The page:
Q&A with Patrice Franko '80

By Matt Zencey

Patrice Franko '80. Photo by Fred FieldPatrice Franko '80 is Grossman Professor of Economics and Global Studies at Colby College in Waterville, Maine, where she has taught since 1986. At Bucknell, she studied with Professor Emeritus Stephen Stamos, international relations, with whom she has co-authored the newly published textbook The Puzzle of 21st Century Globalization: An Economics Primer.

Q: You write in your book, "Globalization is a high stakes game creating winners and losers." Who wins and who loses and why?

A: Trade at its heart is about efficiency. We all trade in our lives. I get help from the person who cleans my house, tends the garden and keeps me sane. I have a trade deficit with her, but her work frees me up to do what I do best. The pain from trade comes when jobs disappear. With globalization, linked by high technology, suddenly workers compete not just with those in their state or country, but globally. The global workforce has quadrupled. We can have radiologists reading X-rays over in India. In making steel, you combine robots and technology, and steel workers lose jobs. Our real revolution right now is in robotization. So the fundamental question is, as a society how do we come together to deal with these cataclysmic changes? We are bad at it. What we really want to think about is efficient, reciprocal trade that gives us the gains to help those who get left behind by globalization and technological change.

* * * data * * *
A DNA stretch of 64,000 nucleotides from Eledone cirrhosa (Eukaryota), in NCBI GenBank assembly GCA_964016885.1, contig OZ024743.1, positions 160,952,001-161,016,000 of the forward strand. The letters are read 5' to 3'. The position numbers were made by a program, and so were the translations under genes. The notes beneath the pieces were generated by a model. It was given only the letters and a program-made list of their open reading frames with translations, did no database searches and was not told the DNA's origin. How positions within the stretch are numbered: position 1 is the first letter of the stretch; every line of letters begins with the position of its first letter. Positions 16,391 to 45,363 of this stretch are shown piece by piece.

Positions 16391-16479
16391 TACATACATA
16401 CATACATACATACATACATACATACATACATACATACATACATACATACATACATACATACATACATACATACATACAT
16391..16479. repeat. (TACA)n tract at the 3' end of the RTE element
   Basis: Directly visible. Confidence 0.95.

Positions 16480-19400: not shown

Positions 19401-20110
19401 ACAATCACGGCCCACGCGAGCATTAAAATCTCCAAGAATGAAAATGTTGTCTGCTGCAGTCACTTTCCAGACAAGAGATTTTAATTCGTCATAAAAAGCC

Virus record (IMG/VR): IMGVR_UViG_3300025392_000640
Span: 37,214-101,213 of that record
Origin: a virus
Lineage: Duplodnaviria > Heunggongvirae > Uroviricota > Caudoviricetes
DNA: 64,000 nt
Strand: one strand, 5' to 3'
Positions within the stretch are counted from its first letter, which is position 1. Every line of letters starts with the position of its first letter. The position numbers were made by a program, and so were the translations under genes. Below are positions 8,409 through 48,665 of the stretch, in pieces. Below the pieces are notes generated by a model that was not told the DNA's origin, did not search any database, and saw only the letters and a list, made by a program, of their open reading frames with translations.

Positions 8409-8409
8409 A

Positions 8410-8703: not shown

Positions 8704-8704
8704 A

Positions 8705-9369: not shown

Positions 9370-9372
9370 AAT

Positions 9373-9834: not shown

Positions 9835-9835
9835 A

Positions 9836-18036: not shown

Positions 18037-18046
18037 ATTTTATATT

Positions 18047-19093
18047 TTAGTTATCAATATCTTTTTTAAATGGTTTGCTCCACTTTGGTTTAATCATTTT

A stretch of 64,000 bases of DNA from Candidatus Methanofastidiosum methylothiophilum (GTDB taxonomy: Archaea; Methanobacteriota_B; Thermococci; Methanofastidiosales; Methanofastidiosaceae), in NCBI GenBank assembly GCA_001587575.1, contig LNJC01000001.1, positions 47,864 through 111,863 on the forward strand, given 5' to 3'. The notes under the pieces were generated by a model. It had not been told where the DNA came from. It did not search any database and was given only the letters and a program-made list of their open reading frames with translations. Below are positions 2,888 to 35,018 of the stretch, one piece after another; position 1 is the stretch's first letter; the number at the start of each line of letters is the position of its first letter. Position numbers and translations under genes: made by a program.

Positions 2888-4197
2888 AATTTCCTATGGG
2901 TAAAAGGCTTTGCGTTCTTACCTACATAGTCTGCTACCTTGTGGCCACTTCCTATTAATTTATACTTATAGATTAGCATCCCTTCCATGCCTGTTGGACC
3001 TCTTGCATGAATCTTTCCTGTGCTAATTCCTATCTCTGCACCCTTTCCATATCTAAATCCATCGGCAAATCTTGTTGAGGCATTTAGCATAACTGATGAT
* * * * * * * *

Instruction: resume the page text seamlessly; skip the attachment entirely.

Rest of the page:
Q: Some folks point to Germany as an example of how to do trade right — it has strong export industries, a trade surplus and a strong social safety net for workers who lose out.

A: I think the German example is an important one. Some of the solution is [aiding workers'] relocation, some of it is a strong social safety net, some of it is skills training. And that's all going to take a different kind of financing to pay for it. I don't see any magic bullet. But elites are beginning to see it is in their self-interest for us to work on recreating, reimagining, the American dream.

Q: Some critics say we shouldn't be pursuing free trade; we should be pursuing fair trade — layering in environmental and labor concerns, and avoiding a race to the bottom.

A: Absolutely. The best way of promoting fair trade is to negotiate it. I believe the negotiation process can be more open, more inclusive. Trade involves complicated diplomacy. But is it better just to build a wall because it's hard to do more open trade negotiations? I don't think so.

Q: In my day, not too many economists talked about sustainability and "the carrying capacity of the earth." In doing so, are you an outlier in the field?

A: I don't think so anymore. [At Bucknell] Steve Stamos was one of the first teaching environmental economics. Now, many economic courses will bring up the environmental consequences. And if they don't, our students get us on it. Because they care about the race to the bottom, the environment and labor issues.

Q: Care to share any thoughts about your Bucknell experience?

A: It's very clearly at the center of my life. It's why I do what I do. In my classroom, I very much model the kind of Bucknell education I got. In addition to Steve, people like John Murphy from the English department really, really pushed us to think critically and creatively. So that's the kind of professor I try to be with my students.

Q: Fill in the blank: "Maine winters are …"

A: No worse than Bucknell winters! (laughs) I find them glorious. We live on Great Pond, where On Golden Pond was written, and it freezes over. I can cross-country ski into snowmobile tracks on the lake. Hard to beat.


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